After completing the "Nail the Pain" phase, you should have some facts about the monetizable customer pain and the Big Idea Hypothesis. The next step is to get more detailed about the actual solution by creating a hypothesis about the Minimum Feature Set (MFS). So how do you know if you have the proper Minimum Feature Set? This can be challenging because your customers may ask for dozens if not hundreds of features. There are three general rules to follow.
1. Look for the key themes in the conversations you have had with customers so far. Focus on the areas that customers repeatedly discuss and try to avoid the temptation to develop something cool but non-essential.
2. Ask your customers. You can assess or even rate the degree to which a feature is central to solving the core customer pain, but you can also ask customers which one feature matters the most to them. Focus groups, surveys, A/B testing, and other quantitative metrics have their place and can be helpful, but they can't replace the value of talking directly to customers.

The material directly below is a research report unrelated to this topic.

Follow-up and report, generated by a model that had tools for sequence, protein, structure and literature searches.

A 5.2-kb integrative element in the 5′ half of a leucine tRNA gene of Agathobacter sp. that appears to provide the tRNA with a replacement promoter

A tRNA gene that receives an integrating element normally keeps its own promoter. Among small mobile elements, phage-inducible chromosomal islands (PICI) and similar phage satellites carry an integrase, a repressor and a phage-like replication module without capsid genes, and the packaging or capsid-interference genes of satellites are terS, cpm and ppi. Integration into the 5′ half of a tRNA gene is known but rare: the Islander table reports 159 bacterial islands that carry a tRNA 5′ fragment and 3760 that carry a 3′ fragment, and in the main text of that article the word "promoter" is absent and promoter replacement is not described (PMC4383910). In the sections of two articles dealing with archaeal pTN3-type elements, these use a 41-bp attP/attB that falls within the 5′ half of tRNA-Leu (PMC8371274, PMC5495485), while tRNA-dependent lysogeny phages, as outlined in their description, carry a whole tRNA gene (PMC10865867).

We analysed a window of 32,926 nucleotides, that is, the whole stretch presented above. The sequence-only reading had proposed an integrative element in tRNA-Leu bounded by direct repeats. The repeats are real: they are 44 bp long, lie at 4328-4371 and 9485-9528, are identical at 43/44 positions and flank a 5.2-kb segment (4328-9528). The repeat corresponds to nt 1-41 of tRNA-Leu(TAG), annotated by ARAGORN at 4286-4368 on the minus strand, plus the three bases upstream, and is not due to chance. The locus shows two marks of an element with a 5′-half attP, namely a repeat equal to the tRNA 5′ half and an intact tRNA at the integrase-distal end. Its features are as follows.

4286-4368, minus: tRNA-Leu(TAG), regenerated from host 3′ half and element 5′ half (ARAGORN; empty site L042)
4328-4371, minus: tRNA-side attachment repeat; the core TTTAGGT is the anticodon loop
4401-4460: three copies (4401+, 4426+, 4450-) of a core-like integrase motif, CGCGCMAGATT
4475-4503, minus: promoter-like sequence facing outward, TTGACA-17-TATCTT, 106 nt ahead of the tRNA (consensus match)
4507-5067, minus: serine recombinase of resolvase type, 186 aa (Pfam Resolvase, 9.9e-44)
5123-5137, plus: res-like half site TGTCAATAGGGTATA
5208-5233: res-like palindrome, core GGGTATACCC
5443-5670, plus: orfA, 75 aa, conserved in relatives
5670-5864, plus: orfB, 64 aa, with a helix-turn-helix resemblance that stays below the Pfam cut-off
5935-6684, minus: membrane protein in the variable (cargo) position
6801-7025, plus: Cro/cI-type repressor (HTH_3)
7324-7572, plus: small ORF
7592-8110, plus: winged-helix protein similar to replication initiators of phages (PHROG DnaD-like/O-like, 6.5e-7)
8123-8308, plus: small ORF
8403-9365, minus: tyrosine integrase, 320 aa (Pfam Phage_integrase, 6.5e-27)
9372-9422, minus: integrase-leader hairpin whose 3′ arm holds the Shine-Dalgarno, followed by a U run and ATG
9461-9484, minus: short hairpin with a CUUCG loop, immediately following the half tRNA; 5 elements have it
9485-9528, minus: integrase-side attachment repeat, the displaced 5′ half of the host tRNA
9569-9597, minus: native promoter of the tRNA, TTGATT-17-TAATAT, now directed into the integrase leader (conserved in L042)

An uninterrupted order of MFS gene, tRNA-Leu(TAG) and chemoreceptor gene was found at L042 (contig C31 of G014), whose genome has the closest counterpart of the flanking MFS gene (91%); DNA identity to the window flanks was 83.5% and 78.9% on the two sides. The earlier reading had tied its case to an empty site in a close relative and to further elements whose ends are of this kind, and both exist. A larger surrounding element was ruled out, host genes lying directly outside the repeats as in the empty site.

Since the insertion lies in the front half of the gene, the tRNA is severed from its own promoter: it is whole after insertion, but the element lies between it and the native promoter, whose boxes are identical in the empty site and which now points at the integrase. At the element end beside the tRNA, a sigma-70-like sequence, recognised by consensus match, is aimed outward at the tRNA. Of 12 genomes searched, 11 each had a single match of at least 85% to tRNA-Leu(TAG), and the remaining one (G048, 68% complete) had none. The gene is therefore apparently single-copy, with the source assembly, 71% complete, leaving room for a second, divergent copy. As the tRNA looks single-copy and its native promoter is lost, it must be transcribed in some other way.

3. Simplify, simplify, simplify. Despite your desire to add features, focus on the absolute core features. If a feature isn’t absolutely critical, leave it out. If you're struggling to keep it simple, use this trick: assign the features you're wondering about to the next version of the product, and you will be mentally freed up to focus on the essential ones.
If you haven't already done so, we encourage you to download the following interview guide, which will help you with customer conversations as you go through the Nail It Then Scale It process.
(See Nail It Then Scale It, pgs. 99-102)